Edu’s Job is on the Line this Window
A long time ago, football fandom was all about hoping your coach was good enough, buys good players and the team does well. However, over the years, especially with the retirement of legendary managers like Arsene Wenger and Sir Alex Ferguson from their respective clubs, the decline that followed and the rise of savvy clubs like Liverpool, Tottenham, Ajax, Dortmund and Leiceister, fans are beginning to realize that football is not just affected by the instructions of a coach.
Nowhere has this been more starkly obvious than at Manchester United after the sale of the club to the Glazer family. They hired a slew of top managers after Ferguson but results refused to trend upward. They made some expensive acquisitions of good players but it mostly didn’t work out. Paul Pogba, their academy product was re-aquired for a world record transfer fee, embodies the mismanagement.
There is now an understanding that the most important long-term aspect of a club is not its coach but the owners. In a world where football institutions are falling into private billionaire portfolios like so much real estate, who owns what is very important to the standings.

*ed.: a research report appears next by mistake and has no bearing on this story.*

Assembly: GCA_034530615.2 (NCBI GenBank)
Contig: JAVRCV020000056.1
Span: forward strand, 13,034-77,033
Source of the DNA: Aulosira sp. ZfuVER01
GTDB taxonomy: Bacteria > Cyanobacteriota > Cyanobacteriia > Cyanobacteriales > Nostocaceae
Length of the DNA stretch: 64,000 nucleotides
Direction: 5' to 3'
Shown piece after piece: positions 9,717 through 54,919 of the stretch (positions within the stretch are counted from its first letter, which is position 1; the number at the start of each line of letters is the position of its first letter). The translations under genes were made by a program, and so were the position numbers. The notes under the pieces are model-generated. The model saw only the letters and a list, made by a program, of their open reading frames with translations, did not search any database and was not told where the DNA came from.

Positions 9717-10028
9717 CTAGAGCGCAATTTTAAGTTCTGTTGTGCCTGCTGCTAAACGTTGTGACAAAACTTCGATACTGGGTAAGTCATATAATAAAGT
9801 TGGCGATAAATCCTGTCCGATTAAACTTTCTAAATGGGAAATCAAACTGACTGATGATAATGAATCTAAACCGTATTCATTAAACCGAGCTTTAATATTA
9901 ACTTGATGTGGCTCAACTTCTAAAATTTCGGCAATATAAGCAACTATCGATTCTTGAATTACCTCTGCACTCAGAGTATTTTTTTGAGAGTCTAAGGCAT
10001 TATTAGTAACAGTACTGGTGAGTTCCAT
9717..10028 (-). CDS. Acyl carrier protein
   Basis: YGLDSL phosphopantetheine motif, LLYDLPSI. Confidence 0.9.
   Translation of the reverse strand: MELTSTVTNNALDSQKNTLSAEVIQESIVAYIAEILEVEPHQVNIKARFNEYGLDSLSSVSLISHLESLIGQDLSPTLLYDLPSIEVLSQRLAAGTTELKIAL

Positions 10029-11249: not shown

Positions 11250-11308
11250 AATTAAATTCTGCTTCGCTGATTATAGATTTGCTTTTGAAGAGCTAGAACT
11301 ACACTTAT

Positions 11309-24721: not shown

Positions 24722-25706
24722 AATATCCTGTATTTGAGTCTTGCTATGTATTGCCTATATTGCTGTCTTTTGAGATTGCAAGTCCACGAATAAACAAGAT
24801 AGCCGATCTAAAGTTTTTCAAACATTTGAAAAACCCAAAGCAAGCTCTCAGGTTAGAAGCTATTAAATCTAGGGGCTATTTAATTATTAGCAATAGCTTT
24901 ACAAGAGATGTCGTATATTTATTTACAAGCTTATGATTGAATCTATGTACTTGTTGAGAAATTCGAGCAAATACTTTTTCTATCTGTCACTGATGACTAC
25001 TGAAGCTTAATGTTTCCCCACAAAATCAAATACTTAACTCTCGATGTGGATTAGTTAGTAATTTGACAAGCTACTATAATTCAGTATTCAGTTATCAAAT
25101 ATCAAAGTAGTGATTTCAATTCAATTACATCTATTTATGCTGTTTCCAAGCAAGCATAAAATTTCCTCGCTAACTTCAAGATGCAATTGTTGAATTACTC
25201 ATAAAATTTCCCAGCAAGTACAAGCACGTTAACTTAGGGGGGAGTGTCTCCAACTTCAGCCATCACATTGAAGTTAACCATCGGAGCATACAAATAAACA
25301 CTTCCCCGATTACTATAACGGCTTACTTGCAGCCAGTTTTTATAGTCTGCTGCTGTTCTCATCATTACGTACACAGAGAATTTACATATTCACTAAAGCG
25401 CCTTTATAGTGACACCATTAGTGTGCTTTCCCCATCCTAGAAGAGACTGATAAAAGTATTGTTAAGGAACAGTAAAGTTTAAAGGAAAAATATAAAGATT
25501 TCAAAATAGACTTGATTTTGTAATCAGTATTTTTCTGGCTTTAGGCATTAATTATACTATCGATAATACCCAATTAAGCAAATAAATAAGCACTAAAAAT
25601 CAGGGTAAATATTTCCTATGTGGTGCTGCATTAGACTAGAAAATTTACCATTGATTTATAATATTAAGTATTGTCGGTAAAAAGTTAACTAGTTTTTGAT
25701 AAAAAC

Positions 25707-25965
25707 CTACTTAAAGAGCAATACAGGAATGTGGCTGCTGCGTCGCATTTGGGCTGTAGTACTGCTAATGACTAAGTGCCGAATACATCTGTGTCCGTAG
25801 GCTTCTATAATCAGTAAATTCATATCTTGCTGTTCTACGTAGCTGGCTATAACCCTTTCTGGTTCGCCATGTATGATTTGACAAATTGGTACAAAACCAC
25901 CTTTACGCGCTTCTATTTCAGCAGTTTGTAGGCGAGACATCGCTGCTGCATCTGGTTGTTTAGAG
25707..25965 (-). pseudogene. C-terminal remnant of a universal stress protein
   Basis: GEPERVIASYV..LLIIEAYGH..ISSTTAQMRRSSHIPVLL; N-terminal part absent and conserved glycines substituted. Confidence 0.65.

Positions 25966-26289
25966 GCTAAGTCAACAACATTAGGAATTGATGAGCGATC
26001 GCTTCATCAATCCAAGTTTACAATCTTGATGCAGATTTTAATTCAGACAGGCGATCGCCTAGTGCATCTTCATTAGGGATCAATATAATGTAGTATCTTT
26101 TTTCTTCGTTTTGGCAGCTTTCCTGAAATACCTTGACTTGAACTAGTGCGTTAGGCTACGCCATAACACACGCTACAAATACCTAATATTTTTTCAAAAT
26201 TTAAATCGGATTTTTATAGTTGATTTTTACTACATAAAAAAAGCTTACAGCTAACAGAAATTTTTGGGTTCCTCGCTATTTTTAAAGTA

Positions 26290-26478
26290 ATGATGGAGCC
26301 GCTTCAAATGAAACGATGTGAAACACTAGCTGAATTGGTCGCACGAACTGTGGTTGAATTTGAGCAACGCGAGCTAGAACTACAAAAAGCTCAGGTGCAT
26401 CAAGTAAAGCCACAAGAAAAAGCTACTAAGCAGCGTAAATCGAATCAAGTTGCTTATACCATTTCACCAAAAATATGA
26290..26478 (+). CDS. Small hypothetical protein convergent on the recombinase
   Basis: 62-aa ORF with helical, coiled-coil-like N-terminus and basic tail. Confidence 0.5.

Ownership in of itself is not a magic elixir: it is more the commitment and the ambition. Fenway Sports Group do not have as much money as Qatar’s national investment fund but they are fiercely committed and ambitious to make Liverpool one of the best clubs in European soccer. It is this commitment that leads to good decisions in terms of hiring management talent. They want the best people possible in charge of running the club. That role, majorly, belongs to that of a sporting director.
A sporting director is responsible for the long-term future of a club. He or she is in charge of planning the finances and hiring other management staff. He is the operating brain of a club, connecting different parts and processing feedback into a coherent picture that helps with decision-making. There’s Michael Edwards at Liverpool who is responsible for hiring Jurgen Klopp and establishing their influential analytics department. There’s Zorc at Dortmund who is responsible for identifying some of the best upcoming coaches and running the famous Dortmund scouting network. There’s Daniel Levy at Tottenham who has made the most effective use of limited finances and has since completed the construction of a new stadium. There’s Monchi at Sevilla who is constantly overachieving with player recruitment and player sales. All of these guys determine the long-term prospects of their respective football clubs. This was a role that Arsene Wenger and Ferguson once took on alongside their coaching. Wenger had a famous eye for talent and was great at developing young players. Ferguson, who had more resources, successfully rejuvenated old squads with new, Championship-winning blood.